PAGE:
The Court also dismissed Plaintiffs' claims that Defendants violated ERISA by receiving excessive and unreasonable compensation from fees collected from the mutual funds that Plan participants acquired through BrokerageLink and the fees that FE shares with Defendants through the revenue-sharing arrangement. MTD Order at 16-18. Plaintiffs' request for equitable relief was likewise dismissed, because none of the underlying claims of ERISA violations were found to be viable. Id. at 19.


Plaintiffs now move to vacate the order of dismissal and to alter it to be without prejudice, such that Plaintiffs may file their proposed amended complaint [ECF Nos. 56, 57-1]. Defendants oppose the motion on the grounds that Plaintiffs fail to meet their burden to vacate and amend the judgment and that their new allegations do not cure the deficiencies of the original complaint.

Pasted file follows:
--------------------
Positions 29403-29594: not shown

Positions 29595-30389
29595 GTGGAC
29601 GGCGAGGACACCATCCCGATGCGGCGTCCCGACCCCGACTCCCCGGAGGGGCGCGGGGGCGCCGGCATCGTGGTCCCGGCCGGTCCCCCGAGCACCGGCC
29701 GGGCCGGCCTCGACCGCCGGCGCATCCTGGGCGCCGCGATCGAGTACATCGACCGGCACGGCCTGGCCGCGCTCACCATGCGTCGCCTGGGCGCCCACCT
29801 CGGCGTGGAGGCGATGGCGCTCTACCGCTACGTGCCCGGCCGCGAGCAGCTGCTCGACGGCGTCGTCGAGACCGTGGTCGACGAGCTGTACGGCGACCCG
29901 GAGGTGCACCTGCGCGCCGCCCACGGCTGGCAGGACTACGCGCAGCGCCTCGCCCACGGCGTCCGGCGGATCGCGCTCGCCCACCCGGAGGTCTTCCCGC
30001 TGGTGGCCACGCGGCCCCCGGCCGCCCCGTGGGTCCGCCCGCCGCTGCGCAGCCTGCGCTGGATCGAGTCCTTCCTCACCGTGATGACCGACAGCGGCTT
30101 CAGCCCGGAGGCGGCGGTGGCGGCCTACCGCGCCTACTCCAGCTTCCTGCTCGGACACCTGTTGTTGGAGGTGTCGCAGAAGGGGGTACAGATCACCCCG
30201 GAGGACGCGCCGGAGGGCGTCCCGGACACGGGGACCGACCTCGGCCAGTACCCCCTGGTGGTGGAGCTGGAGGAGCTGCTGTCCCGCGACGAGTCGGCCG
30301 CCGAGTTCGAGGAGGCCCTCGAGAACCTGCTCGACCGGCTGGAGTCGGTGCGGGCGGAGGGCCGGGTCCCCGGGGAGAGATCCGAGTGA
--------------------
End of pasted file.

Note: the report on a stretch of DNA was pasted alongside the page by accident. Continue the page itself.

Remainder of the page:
The parties agree that Plaintiffs must satisfy the standards under Federal Rules of Civil Procedure 59(e) and/or 60(b), as well as Rule 15, to obtain the requested relief. "Ordinarily, Rule 15(a) governs a motion to amend a complaint. That rule directs that '[t]he court should freely give leave [to amend] when justice so requires.'" Fisher v. Kadant, Inc., 589 F.3d 505, 508 (1st Cir. 2009) (quoting Fed. R. Civ. P. 15(a)(2)). "If, however, a motion to amend is filed after the entry of judgment, the district court lacks authority to consider the motion under Rule 15(a) unless and until the judgment is set aside." Id. (citing Palmer v. Champion Mortg., 465 F.3d 24, 30 (1st Cir. 2006)). "As long as the judgment remains in effect, Rule 15(a) is inapposite." Id. at 508-09. Here, Plaintiffs filed the instant motion on October 20, 2017, after the entry of judgment on September 22, 2017. [ECF Nos. 54, 55, 56]. For the purposes of deciding this motion, it is of no consequence that Plaintiffs included in their opposition to the motion to dismiss a one-sentence request for leave to amend the complaint [ECF No. 28 at 32], contingent upon the court dismissing the case. See Fisher, 589 F.3d at 510 ("We hold that a passing request for contingent leave to file an amended complaint, made in an opposition to a motion to dismiss, is insufficient, in and of itself, to bring a post-judgment motion for reconsideration within the orbit of Rule 15(a)."); Gray v. Evercore Restructuring LLC, 544 F.3d 320, 327 (1st Cir. 2008) (contingent request for leave to amend in opposition brief "does not constitute a motion to amend a complaint"). The first question, then, is whether the judgment may be set aside under, "say, Rule 59(e) or Rule 60(b)." Fisher, 589 F.3d at 509.